Acute interstitial nephritis (AIN) is increasingly being recognized as an immune-related adverse event (irAE) in patients receiving immune checkpoint inhibitor (ICPI) therapy . A recent meta-analysis of 11 clinical trials demonstrated an overall incidence of kidney irAEs of 2.2%, with incidence rising to 4.9% with combination immunotherapy targeting cytotoxic T lymphocyte antigen-4 (CTLA-4) and programmed cell death protein-1 (PD-1) . While relatively uncommon, AIN is an important consideration when evaluating acute kidney injury (AKI) in patients receiving immunotherapy, as early recognition and treatment with steroids can lead to recovery of kidney function; on the other hand, delays in identification and treatment may lead to permanent damage to the kidneys . However, AKI is common in patients with cancer, with a broad differential diagnosis including sepsis, dehydration, nephrotoxin exposure, and metastatic disease leading to urinary tract obstruction . Diagnosing AIN remains a challenge, as clinical features, laboratory testing, and conventional imaging do not reliably distinguish AIN from other common causes of AKI [3,4,5,6]. Biopsy remains the gold standard, but is invasive and carries risks of bleeding, and is often delayed by the use of aspirin and anticoagulants in these patients [7,8,9]. At the same time, empiric management of AIN with corticosteroids without a definitive diagnosis may lead to inappropriate interruption or discontinuation of cancer immunotherapy, and may compromise the efficacy of cancer treatment in these patients .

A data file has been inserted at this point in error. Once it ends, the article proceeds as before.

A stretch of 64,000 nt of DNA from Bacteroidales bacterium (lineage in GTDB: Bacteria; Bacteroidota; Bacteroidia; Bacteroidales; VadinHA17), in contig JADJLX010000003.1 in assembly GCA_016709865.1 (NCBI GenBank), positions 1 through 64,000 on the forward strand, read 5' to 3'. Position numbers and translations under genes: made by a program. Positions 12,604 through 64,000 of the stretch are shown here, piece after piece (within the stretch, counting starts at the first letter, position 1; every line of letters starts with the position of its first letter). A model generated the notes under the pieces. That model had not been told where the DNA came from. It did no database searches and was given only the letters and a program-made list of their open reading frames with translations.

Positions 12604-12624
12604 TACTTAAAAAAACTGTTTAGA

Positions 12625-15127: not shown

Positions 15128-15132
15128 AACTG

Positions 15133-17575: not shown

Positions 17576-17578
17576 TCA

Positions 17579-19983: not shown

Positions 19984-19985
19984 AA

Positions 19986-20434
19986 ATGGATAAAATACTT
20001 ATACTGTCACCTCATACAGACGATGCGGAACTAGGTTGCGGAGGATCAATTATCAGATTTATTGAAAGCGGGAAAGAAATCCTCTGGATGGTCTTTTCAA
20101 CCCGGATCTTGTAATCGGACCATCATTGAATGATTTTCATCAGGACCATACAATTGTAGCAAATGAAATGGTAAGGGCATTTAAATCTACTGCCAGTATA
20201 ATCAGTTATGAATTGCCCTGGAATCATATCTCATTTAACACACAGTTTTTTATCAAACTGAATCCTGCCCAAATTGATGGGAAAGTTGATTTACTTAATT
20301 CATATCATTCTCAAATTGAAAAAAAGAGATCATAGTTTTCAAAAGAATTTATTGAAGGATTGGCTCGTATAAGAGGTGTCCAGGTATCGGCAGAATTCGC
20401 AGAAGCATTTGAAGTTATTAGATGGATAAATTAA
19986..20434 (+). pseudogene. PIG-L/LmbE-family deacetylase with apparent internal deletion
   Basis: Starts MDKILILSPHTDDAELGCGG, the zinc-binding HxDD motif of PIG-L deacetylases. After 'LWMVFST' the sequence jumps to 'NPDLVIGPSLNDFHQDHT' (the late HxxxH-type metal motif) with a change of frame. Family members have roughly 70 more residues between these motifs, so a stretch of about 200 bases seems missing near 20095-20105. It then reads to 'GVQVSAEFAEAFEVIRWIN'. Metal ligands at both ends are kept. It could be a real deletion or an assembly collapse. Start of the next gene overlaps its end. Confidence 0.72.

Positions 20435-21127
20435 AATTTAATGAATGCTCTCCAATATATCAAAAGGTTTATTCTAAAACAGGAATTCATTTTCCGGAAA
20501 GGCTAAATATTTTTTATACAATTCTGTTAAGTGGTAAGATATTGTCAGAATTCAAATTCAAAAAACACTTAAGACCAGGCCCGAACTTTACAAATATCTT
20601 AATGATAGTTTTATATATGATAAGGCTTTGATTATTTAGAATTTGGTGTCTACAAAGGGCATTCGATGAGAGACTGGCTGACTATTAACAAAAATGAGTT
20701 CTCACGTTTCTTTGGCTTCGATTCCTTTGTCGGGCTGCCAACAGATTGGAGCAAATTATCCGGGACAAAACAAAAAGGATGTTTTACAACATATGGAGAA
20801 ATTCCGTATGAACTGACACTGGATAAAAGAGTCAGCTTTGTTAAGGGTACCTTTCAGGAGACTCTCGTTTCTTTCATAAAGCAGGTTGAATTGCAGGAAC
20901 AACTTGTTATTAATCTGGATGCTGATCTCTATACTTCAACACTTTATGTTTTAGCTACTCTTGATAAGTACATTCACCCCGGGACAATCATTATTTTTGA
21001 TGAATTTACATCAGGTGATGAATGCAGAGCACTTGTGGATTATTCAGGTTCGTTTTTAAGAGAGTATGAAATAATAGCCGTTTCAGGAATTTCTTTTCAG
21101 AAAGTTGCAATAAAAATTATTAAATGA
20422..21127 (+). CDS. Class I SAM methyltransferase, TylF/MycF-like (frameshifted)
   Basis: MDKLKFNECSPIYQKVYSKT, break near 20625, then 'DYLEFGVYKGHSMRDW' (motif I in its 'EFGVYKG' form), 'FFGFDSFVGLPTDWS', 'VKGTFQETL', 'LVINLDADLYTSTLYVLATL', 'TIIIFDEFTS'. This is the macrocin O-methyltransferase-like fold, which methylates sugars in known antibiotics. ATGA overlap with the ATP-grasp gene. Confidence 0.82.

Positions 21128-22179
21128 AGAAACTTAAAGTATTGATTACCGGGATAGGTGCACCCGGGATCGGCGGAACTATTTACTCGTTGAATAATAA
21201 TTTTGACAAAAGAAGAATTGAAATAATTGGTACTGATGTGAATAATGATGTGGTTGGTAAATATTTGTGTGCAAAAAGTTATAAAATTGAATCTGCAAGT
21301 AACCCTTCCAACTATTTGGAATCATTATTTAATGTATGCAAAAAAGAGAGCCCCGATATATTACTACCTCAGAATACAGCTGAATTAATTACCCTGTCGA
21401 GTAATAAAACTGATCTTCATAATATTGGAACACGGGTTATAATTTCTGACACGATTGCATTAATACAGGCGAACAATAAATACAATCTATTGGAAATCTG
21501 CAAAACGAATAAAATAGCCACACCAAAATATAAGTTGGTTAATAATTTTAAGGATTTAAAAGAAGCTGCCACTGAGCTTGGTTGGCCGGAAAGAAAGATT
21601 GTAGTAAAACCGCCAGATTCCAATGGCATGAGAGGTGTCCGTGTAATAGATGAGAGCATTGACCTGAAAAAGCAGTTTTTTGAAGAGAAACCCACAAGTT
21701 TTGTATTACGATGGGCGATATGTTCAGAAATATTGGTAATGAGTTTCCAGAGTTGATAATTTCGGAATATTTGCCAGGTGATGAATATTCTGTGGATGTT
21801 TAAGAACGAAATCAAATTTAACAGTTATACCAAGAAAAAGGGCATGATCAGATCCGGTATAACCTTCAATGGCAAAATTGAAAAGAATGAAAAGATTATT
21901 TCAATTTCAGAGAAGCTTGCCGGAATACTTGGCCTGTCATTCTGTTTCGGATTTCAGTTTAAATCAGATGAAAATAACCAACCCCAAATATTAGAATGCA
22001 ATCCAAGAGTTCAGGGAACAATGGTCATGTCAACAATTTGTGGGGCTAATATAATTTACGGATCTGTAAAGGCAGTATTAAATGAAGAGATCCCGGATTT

With the rapidly expanding FDA approval of these agents, establishing reliable noninvasive diagnostic testing strategies for the evaluation of AKI in patients on immunotherapy is of paramount importance. One consideration is the use of 18F-flourodeoxyglucose positron emission tomography-computed tomography scan (FDG PET-CT). While most commonly utilized for the staging of malignancies, FDG PET-CT has also been used to identify other inflammatory conditions including large-vessel vasculitis, sarcoidosis, and various infections . A recent case series described PET scans in two cases of AIN, noting elevated 18F-flourodeoxyglucose (FDG) uptake in the renal cortex for both patients, providing some precedent that FDG PET-CT may be a useful adjuvant diagnostic test in the evaluation of AIN . Anecdotal evidence supporting these findings in 3 other biopsy-proven AIN cases has been reported .